There is no activity from your door. You watch anxiously until all of your accountant neighbors have headed off to the great desk farm, and just when you think you must have fast-forwarded past something important, you notice something very strange.

You see yourself, and the image before you makes your blood run cold. It's you, undeniably so, but you're wearing something you've never seen before, a black mercenary's smock and a face of black paint. Your movements are quick and graceful, but there's no mistaking the fear in your eyes as you look around you and access your quarters.

You rewind a few times, watching this other You move like a scared cat and go inside the room. You're just getting used to the idea that either you have a twin or you've been up to some really strange shenanigans when you notice two more figures approaching your room. They're beyond suspicious -- they're familiar. Saleen and Malloy are making sure they're alone in the hall before accessing your quarters and slipping inside.

A loud noise startles you out of your focus, and with a few deft gestures, you log off of the terminal and yank the datacube from the slot. The door to the Janitor King's office flies open, and a squadron of at least a dozen armed Martian toughs enters the room. To your distress, you realize their weapons are drawn and their faces are shielded behind gas masks.

"Step away from the terminal," warns one of the toughs, gesturing at you with his raised laser rifle.

"Yeah, sure, of course," you say, and you step sideways and out from behind the desk. You shoot an accusing look at the terminal, and too late, you realize the Janitor King must have activated a remote-monitoring system. Stupid, stupid, stupid! you think to yourself.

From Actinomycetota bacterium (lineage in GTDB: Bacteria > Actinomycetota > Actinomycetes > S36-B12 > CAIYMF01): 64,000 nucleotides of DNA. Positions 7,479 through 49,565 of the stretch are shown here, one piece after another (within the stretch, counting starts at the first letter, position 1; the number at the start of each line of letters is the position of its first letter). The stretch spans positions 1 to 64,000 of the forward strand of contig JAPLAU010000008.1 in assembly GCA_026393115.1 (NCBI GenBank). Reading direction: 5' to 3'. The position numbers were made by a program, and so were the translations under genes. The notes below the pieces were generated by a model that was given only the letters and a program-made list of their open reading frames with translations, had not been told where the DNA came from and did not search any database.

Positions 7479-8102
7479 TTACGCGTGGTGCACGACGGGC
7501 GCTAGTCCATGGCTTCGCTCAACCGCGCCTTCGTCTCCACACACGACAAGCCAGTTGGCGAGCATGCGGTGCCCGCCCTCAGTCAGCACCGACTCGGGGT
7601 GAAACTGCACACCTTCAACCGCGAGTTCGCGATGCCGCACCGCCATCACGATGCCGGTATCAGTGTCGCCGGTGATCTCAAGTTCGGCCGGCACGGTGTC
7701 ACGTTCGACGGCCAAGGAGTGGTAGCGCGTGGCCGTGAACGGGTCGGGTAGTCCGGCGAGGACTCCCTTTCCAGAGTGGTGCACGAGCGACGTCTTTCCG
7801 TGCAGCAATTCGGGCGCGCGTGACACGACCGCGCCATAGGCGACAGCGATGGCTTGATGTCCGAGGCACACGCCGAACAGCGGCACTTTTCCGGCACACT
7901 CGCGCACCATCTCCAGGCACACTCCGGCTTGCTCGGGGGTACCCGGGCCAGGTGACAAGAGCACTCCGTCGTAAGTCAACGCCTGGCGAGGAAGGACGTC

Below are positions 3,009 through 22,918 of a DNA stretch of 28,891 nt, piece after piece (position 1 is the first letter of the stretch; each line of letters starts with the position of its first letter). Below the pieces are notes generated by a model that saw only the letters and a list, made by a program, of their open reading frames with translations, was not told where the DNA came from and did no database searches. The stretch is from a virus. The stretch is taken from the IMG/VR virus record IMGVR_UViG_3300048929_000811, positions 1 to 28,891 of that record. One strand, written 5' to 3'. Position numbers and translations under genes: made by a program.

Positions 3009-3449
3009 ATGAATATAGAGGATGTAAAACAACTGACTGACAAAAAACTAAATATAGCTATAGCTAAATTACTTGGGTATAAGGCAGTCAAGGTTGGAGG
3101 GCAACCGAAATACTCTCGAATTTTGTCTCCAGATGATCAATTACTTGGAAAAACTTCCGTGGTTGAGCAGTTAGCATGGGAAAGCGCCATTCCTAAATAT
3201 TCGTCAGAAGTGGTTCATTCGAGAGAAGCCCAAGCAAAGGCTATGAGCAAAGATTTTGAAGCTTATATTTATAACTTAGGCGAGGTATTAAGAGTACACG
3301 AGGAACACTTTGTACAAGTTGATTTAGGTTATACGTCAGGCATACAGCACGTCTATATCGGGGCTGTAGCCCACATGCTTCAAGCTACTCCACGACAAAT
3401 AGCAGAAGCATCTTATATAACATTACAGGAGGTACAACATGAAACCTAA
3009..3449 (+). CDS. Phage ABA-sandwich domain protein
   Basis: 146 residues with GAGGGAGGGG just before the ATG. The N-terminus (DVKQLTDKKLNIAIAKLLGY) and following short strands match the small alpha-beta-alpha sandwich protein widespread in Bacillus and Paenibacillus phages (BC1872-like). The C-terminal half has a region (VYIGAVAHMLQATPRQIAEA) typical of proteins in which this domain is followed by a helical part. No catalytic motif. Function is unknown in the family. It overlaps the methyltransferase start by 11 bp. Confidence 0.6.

"You are under arrest for accessing confidential Martian Overworld systems," the armored tough-guy intones gravely.

"Great," you reply. "Just half an hour ago I was going to rule the world."

"You will be executed 30 Earth minutes from now."

"What?" Your breathing has stopped. Maybe your heart has too.

"You are not on Earth. You are on Mars. Our systems of justice are a little different. All the evidence we need has been recorded and will be transmitted to your embassy after your execution."

He's smug, and you're terrified. The thing is, you've been terrified for nearly a solid 24 hours now, and you can't bear any more. It feels like a fabric inside you has been growing thinner and thinner, and it finally gives way and releases the animal lurking just below the surface.

"I don't think so," you say, your voice coming out in a silky purr.

The Martian tough guy freezes. "I beg your pardon?"

"You should," you say. "My name is Wallace, and I'm a trained assassin."

The Martian is quick, but you're quicker. He blasts a shot of laser energy at you, and you lift the data cube and let the shot hit the angled corner of the storage device. You know from your training what will happen next, and you're deeply gratified to see the laser split into multiple rays. The prismatic components of the laser are unstable, and they're capable of piercing Martian armor, which they do. Martians fall all around you, including the leader. Only five remain, and you make quick work of the stupidly surprised survivors with your own laser pistol, catching each of them at the joint of the armor between neck and shoulder.

You blow a theatrical breath over the barrel of the laser gun and tuck it away, then stow the datacube with its intact contents into a pouch at your waist. You have maybe 10 seconds to consider your options before either the Janitor King or the Martian guards' reinforcements arrive.

Will You...

A. Run out of the office with twin laser pistols blazing?

B. Use the light transporter to return to either carry out or prevent an assassination?

C. Use the light transporter to return to the NOSSA vessel to track down answers?


  1. Awesome, MJ, bleedin' awesome!

  2. Three things:

    1. "How to answer the question Do I Look Fat in This?" - "No."

    2. I love prismatic components!

    3. You've setup the end terrifically.

  3. Dun. Dun. Dun. Very Cool MJ!!!

  4. I am ready for an awesome shoot-out, AND I am crossing my fingers for martian ninjas


  5. interesting, I used to read books like this when I was young